Amurph11’s #CBR4 Holiday Gift Guide: Your Wonkish Republican Brother-in Law (Review #43, Why Romney Lost by David Frum)
Everyone has at least one in the family; that Republican in-law who thinks William F. Buckley was the second coming, adores the Wall Street Journal and the National Review, and who during the 2012 election, despite waning polling numbers, continued to claim that Romney would somehow come out on top.
That guy’s having a rough year. The best course might be to buy him a nice bottle of Scotch this holiday season, but you should definitely sneak a copy of David Frum’s Why Romney Lost in there as well.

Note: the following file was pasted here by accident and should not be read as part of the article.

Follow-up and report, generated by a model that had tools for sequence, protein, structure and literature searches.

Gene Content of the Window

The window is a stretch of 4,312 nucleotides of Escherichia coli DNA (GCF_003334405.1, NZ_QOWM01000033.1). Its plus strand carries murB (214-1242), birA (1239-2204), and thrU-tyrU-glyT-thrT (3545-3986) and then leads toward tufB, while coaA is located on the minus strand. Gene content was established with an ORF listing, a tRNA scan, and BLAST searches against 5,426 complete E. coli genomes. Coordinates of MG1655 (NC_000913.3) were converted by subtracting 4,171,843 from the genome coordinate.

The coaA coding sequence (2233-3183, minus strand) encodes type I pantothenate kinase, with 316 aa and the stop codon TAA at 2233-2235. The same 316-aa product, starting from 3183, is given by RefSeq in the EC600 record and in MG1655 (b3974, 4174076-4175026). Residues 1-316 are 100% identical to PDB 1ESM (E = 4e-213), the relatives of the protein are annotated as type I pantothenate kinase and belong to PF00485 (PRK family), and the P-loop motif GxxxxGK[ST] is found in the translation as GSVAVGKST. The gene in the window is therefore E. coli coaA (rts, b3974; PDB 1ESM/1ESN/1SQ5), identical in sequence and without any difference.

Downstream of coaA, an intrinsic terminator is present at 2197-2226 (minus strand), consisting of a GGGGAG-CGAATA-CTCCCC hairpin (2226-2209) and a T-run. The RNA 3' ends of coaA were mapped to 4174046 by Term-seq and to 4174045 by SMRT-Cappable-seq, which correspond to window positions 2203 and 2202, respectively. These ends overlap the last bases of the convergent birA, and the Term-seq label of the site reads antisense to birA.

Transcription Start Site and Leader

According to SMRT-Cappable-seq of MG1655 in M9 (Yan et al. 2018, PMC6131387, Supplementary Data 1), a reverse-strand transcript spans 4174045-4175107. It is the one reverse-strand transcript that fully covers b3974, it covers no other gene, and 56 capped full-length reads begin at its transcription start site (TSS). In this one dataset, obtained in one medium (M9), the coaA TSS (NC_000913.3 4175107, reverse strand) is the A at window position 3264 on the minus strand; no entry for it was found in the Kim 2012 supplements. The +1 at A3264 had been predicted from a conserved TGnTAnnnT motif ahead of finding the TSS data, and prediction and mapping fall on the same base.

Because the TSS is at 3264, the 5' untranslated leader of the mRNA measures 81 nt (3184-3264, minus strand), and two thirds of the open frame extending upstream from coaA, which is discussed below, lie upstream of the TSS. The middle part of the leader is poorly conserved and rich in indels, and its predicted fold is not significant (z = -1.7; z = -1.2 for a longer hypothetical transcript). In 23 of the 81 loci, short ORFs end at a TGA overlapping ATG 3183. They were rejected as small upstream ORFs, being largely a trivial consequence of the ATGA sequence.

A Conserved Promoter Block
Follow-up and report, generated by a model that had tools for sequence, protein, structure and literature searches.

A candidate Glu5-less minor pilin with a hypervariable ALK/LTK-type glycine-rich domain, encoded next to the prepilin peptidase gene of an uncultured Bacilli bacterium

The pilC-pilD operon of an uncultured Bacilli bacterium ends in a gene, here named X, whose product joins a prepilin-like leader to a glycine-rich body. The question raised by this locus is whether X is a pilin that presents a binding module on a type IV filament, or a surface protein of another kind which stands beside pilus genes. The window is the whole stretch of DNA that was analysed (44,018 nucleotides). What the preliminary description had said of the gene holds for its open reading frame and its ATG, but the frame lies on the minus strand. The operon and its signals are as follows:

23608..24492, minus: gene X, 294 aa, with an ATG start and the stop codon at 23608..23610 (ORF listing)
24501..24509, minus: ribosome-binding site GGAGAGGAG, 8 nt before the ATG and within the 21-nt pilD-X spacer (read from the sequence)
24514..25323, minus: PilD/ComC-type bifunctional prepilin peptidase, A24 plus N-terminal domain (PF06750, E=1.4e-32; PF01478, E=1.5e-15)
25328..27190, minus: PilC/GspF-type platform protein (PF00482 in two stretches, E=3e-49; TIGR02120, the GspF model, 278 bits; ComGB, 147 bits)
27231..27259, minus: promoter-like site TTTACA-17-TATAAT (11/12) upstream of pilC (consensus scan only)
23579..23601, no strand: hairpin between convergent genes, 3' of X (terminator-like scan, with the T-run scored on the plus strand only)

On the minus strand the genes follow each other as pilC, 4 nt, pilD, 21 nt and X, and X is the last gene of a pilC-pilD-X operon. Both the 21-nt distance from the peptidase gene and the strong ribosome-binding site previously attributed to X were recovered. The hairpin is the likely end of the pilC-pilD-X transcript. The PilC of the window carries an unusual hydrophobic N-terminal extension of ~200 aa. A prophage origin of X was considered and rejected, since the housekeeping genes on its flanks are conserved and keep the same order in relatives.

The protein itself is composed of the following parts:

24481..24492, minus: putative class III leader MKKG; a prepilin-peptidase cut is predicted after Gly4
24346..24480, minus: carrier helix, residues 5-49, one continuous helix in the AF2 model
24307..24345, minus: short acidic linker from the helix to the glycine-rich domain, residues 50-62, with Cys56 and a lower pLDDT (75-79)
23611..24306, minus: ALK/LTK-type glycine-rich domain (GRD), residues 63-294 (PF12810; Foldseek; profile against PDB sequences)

Despite its title, the e-book Frum released soon after the conclusion of the 2012 election is not simply a treatise on the failure of Romney’s candidacy. Instead, it’s a treatise on the failure of the party itself, and an outline for its future. The short book is split into three alliterative sections: Defeat, Delusion and Deliverance. In parsing Romney’s defeat, he lays little blame on Romney himself, and places the whole of it on the Republican party as a whole. Most of the positions Romney took that proved ultimately unacceptable to the American people, he claims, were those demanded of him by the current Republican party. Frum gives Romney more credit for moderation than I do, but he’s not wrong when he points out that Romney was a more credible candidate before he started listening to his party. Moderate Mitt showed up only late in the game, when his team hastily constructed a front of more moderate-sounding policies to trot out during the first debate. This worked only momentarily; proving the edict that debates don’t change votes, Romney had already gone way too far down the Republican rabbit hole for the majority of voters.